Message from Chief Constable Burkart

The Nelson Police Department has its eighteenth member!

Our newest recruit, Constable Lauren Mirva, is back to the department after graduating from the Justice Institute of BC on June 23. Constable Mirva has filled the position created when Police Services directed council to fund one additional sworn officer and a civilian position.

It has been over 2 ½ year since the Nelson Police Board first asked Council for the additional staffing.  Even after receiving approval to hire another member last April, Cst. Mirva’s training only began in September and then it took nine months before the her graduation in June.  During those nine months, the recruit member must work with an officer coach and is not to be considered a qualified member, so we were technically running that member short.

Last year and the beginning of this year was very hard on the department for injuries.  We had members off injured for 597 shifts last year which is equivalent to one and three quarter positions. With injured police members, it makes it very hard to staff shifts unless members are pulled from other positions or come in on overtime.  One of the first positions to be pulled was the beat officer position and we certainly saw this over the past year.

When we are short staffed, our members are working short-handed or working extra shifts to cover for those that are injured, and our community is not receiving a proper level of service….. and we have seen that in our downtown core these past 4 or 5 months.

But in this past month, with the swearing in of two new officers, Cst Andrew Hildred from Saanich Police and Cst Rob Armstrong who recently retired from the Toronto Police Service, as well as the return of our recruit officer, we will have, for the first time in our history, eighteen officers.  We still have one officer off injured and he will be off until 2018.  This was the result of an apprehension of a mental health client, which is unfortunately too common of an occurrence for policing departments.  About 2/3 of our injuries to members occur with our interaction with individuals with mental health concerns.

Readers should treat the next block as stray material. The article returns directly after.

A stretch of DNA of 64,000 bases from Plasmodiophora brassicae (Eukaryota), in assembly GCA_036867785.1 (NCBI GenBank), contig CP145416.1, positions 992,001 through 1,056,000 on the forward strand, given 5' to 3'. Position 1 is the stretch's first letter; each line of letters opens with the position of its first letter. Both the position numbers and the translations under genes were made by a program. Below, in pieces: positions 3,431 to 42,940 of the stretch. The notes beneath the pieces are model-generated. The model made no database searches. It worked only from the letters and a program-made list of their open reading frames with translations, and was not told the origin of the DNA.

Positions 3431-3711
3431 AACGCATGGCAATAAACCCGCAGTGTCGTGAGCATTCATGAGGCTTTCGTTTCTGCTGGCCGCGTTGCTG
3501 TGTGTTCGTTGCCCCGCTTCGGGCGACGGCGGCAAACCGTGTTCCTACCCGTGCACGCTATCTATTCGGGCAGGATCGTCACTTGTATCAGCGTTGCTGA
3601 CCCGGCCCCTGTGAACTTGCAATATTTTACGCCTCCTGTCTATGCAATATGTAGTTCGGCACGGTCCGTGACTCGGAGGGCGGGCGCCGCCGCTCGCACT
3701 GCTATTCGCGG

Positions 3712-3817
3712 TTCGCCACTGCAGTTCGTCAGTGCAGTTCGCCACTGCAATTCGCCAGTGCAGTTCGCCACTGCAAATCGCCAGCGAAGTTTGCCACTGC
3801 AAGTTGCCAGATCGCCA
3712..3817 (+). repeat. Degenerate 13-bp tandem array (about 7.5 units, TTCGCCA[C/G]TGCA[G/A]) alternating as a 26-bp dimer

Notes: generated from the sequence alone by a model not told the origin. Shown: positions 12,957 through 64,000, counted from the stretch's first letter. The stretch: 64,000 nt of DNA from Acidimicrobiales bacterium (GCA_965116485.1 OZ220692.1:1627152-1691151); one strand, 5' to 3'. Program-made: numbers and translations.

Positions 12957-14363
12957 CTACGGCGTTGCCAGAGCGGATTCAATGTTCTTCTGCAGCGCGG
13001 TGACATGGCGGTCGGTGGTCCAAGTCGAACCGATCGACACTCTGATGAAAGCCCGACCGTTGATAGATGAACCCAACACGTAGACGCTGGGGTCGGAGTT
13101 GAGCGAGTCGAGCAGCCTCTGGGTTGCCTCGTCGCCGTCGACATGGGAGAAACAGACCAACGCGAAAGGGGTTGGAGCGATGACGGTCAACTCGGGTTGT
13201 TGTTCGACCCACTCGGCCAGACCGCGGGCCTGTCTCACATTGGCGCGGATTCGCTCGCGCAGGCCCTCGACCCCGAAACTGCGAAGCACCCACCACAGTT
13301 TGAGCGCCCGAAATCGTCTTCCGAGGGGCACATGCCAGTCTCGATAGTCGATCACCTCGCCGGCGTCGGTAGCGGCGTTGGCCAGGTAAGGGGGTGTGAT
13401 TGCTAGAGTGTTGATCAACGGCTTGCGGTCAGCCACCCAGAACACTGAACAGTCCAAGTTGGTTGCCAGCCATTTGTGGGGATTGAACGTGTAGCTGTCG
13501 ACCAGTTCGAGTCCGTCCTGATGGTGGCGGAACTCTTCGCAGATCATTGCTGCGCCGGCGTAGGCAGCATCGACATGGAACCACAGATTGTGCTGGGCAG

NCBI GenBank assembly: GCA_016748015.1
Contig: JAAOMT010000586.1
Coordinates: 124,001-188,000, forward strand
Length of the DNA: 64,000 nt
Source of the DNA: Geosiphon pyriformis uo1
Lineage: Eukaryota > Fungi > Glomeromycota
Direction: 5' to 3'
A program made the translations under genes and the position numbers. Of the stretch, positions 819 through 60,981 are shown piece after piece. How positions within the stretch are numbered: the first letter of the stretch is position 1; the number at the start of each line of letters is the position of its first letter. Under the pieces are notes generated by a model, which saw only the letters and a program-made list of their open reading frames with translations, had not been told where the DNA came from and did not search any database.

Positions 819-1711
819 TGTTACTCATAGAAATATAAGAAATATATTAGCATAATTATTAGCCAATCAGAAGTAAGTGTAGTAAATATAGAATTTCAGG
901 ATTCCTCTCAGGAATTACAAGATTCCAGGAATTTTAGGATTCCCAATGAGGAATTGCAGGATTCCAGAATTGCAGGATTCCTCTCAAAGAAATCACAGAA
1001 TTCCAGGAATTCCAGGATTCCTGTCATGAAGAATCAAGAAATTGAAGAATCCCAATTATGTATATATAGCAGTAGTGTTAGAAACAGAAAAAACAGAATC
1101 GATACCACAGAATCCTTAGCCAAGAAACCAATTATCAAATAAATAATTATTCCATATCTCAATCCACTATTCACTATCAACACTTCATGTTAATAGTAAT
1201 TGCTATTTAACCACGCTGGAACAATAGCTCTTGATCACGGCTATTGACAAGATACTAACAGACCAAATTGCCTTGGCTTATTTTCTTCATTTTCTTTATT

While in the past we would normally be running short with this injured member, we will not be doing that this summer. Cst. Armstrong will be filling in for the injured member from June until the end of September – which is typically our busiest time of the year. With this part-time temporary member, we will not be running short and will not be required to pull the beat officer from the downtown to cover for our patrol units.

We are an extremely busy police department.  We are always among the top two or three for criminal code charges per member among the municipal police departments.  Last year our dispatchers answered 18,000 telephone calls, 3100 911 calls, which included about 1500 911 calls for our department alone.  We looked after 870 prisoners in our cells, including almost 300 of our own arrests.  We answered 6300 calls for service in 2016. Oak Bay and Central Saanich Police Departments, the next two smallest police departments in the province both of whom have 24 police officers, had about 4300 calls for service each.  So our police officers are answering 30% more calls with 30% less staff.

To better support our civilian staff, we have implemented a telephone answering tree and will be reducing our front counter hours at the department.  With our department receiving 18,000 calls per year, we have been able to divert about 40% of calls to the appropriate department by using this telephone answering tree.  At present we are the only municipal department with a 24/7 front counter.  As of August 15, we will be reducing our hours from 8-6 pm Monday to Friday and from 10 am – 1 pm on Saturdays, Sundays and holidays.